Fee For Service (FFS)

A Fee for Service plan is one of the many types of health plans that are offered by health insurance carriers. A Fee for Service plan is the most simplistic of all of the plan types since standard Fee for Service plans are not considered managed care plans.

The patient is seen by any doctor they choose. There are no provider directories to look through in order to locate an in network provider.

  • No referral or any pre-approvals are needed.
  • The claims are billed to the health carrier but there is no need to try and figure out allowed amounts or contracted rates because regardless of what the health carrier ultimately pays toward that claim, the balance is deemed to be the patient’s liability.

Most health carriers will not just pay off the billed amount, the claim will pass through some type of pricing data. Usually for Fee for Service plans, that data is Usual, Customary and Reasonable (UCR). 

Let’s look at an example.

Dr. Smith performs an office visit for $200.00 and a chest x-ray for $100.00 and he bills the claim to the insurance company for his normal rate of $300.00. In spite of the fact that no in network arrangement exists, the health carrier will still seek ways to price this claim. After being priced, the health carrier determines that $150.00 for the office visit and $50.00 for the x-ray is accepted. The plan allows $200.00 instead of the billed amount of $300.00. The patient is responsible for the difference.

Since Fee for Service plans were written so that the plan participants would share in the cost of healthcare, members are required to pay the deductible and co-insurance amounts.


Let's look at another example of how a payment would be made on a standard fee for service plan.

James has a Fee for Service plan. He becomes ill and is seen in the emergency room. His total bill is $3500.00.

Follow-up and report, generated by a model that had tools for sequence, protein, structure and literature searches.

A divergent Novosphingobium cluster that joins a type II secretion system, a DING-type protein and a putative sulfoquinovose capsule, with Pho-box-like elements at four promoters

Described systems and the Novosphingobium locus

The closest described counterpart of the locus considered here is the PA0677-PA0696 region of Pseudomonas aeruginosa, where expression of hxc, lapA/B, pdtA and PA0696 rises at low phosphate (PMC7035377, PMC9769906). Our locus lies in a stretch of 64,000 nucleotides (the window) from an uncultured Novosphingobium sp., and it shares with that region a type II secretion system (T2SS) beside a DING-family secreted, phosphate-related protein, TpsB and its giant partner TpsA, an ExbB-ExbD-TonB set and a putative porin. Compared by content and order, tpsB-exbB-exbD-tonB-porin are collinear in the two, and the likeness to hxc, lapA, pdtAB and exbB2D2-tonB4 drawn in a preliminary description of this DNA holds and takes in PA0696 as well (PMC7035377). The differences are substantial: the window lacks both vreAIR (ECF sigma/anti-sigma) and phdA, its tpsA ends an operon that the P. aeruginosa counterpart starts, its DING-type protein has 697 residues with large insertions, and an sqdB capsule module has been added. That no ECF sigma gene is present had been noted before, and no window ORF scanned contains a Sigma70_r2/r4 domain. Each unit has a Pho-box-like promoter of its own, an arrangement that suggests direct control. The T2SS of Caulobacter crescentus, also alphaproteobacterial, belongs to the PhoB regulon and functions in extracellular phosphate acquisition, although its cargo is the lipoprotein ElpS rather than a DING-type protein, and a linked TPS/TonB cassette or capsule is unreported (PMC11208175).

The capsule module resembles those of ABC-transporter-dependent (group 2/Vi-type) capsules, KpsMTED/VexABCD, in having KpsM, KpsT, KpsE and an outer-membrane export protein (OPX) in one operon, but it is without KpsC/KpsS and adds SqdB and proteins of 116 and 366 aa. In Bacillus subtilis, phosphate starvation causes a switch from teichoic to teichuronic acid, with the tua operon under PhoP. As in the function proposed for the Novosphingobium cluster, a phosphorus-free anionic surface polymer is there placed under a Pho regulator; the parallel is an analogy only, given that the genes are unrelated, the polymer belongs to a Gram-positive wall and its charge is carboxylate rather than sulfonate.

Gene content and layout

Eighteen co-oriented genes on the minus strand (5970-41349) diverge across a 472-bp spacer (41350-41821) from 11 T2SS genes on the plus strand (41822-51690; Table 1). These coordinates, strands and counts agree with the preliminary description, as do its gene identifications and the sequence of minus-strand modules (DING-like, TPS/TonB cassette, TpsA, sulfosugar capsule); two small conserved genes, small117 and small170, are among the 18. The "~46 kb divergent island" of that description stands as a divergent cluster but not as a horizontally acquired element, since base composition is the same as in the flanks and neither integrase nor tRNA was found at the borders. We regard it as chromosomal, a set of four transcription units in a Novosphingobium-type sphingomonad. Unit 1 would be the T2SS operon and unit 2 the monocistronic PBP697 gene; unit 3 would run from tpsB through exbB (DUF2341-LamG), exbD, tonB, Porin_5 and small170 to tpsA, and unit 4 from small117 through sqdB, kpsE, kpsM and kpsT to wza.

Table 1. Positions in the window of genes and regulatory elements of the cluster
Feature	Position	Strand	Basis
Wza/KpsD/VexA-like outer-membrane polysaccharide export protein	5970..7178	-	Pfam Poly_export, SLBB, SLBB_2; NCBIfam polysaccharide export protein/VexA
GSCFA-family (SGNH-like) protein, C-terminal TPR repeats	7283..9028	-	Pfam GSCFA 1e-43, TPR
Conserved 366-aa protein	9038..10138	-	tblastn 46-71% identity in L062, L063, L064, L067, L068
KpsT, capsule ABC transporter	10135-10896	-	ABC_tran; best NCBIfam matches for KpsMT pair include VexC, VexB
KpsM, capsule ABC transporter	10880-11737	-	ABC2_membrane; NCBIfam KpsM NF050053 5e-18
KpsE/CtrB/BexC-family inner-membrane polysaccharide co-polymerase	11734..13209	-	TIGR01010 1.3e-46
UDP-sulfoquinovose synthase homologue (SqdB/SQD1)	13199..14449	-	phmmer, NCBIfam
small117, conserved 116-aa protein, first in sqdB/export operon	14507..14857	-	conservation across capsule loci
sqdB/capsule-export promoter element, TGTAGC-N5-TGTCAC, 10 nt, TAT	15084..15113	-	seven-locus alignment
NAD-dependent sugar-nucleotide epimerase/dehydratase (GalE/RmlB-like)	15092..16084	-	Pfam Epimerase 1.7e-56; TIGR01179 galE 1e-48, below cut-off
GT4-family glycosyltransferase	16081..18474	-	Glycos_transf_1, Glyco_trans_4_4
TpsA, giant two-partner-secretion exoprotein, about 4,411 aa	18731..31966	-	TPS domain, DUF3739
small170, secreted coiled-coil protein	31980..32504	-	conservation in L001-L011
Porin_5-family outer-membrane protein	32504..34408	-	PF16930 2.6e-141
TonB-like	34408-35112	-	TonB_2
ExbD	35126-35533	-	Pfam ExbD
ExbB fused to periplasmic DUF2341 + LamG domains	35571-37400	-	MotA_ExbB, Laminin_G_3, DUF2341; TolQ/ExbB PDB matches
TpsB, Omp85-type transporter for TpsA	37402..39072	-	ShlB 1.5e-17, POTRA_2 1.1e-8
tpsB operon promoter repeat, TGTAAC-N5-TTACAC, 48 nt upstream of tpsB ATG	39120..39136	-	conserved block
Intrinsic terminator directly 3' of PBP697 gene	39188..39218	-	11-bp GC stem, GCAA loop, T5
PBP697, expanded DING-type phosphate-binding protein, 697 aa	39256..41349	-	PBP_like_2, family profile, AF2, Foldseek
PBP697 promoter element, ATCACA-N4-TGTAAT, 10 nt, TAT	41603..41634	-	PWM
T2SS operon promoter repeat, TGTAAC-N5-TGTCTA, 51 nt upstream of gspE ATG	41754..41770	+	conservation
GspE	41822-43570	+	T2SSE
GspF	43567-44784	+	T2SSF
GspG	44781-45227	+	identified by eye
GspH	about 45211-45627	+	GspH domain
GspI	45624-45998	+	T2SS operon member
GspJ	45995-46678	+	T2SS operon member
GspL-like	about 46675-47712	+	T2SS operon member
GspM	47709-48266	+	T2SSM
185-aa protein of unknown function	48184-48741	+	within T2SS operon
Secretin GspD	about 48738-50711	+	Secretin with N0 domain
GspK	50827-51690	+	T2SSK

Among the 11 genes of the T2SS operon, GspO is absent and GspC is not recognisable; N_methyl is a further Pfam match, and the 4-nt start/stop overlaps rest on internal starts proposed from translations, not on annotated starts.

Carrier pays $2720.00

Patient pays $780.00 ($100.00 deductible + $680.00)

Standard Fee for Service plans are the most expensive plans to purchase because they do not have the managed care component that helps to control costs; contracted providers that accept reduced rates, more front end controls and requirements, etc.

Note: For the purpose of this article, Standard Fee for Service means that the Fee for Service plan is not part of a managed care plan.


Advantages to Members Participating in FFS Plans

  • Members have the freedom to select any doctor and not worry about in network or out of network.
  • They can see any doctor or specialist without having to wait for a referral or preapproval.
  • Plan is easier to understand and out of pocket is easy to predict. Usually 20% of billed will be expected on all charges.

Disadvantages to Members Participating in FFS Plans

  • The member can expect to pay more out of pocket because the provider is not required to accept the health carrier's allowed amounts. The provider can bill what he wants and make the patient responsible for any amounts not paid by insurance.
  • Due to the unpredictability of UCR rates, a member will not be able to determine how much their health carrier will pay for a service.
  • Higher premium costs.

Advantages to Providers Participating in FFS Plans

  • Doctors can expect 20% of costs.
  • No need to worry about which methodology will be used to calculate the claim.
  • Plan will be easier to understand.
  • Patients can be billed for any non-covered charges.

Disadvantages to Providers Participating in FFS Plans

  • Very few employers choose FFS plans resulting in fewer patients with FFS plans.

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